Electronic income

How does income tax work for social media influencers? Here’s what you need to know

When it comes to tax season in Canada, things can get downright confusing. Luckily, the Canada Revenue Agency (CRA) makes it easy with a few tips, especially if you’re a social media influencer. Since many people earn income through countless online platforms, how does it work when filing your tax return?

The CRA states that “influencers who generate money and non-monetary income through social media may engage in business activities and earn business income”, so reporting any income is essential.

Influencers can earn income by posting photos, videos or other similar content on their social media channels with product placement or product promotion, CRA says.

The agency states that there are various ways, both monetary and non-monetary, for influencers to earn income from their social media activities, including:

  • Subscriptions to their channel(s).
  • Advertising (clickbait and brand advertisements).
  • Sponsorships.
  • Calls to action.
  • Sales of goods or commission on sales.
  • Advice.
  • Benefits such as products, clothing, travel or other gifts.
  • Referral Codes.

The CRA considers social media activity to be business-related when there is an element of profit involved. In this case, it is mandatory to declare your income and, when it comes to non-cash income, you must “use the fair market value of the item received”.

Social media influencers in Canada who earn more than $30,000 over four calendar quarters will be required to register, collect and pay the CRA a Goods and Services Tax, also known as Harmonized Sales Tax (GST). /HST) on all taxable income. of your online activity, says the CRA.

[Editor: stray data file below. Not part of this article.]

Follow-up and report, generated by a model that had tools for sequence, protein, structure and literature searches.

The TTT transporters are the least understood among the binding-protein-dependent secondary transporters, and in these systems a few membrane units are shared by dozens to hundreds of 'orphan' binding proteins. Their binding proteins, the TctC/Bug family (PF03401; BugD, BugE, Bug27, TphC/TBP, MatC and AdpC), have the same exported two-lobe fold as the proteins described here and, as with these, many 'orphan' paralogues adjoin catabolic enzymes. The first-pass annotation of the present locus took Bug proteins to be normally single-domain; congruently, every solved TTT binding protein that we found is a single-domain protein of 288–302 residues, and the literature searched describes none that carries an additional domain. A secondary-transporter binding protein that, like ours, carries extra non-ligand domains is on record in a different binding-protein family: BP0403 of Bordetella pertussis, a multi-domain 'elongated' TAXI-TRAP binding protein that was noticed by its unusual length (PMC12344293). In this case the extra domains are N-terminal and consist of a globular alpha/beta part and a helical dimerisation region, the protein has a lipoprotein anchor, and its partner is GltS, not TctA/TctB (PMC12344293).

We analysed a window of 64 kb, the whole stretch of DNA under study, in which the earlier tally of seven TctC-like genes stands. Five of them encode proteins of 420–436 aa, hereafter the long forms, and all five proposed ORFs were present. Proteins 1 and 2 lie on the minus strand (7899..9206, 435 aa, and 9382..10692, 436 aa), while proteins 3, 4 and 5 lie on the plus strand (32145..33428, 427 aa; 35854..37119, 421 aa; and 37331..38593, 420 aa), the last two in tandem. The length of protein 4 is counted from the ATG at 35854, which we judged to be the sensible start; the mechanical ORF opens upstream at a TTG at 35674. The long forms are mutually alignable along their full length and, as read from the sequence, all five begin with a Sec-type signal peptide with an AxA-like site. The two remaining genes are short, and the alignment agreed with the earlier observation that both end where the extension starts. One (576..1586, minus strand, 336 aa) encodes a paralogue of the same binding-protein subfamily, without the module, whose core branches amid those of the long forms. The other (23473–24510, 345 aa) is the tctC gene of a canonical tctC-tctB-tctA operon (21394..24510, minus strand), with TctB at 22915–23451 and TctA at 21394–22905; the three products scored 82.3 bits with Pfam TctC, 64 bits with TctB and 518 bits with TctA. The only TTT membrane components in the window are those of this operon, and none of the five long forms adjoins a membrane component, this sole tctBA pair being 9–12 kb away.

If your social media activities are considered business income, the CRA says you may be able to deduct qualifying business expenses to reduce the amount of tax owing on your income taxes.

For business expenses to be eligible for a tax deduction, the expenses must be directly related to your business activities as a social media influencer, must be reasonable and not personal in nature, and must be justified, states the BOW.

With platforms such as TikTok, Instagram and OnlyFans generating revenue for many, the Canada Revenue Agency says it’s important to report income from social media sales and activity to the CRA to avoid any penalties, including having to pay additional interest on undeclared income.

The cover image of this article was used for illustrative purposes only.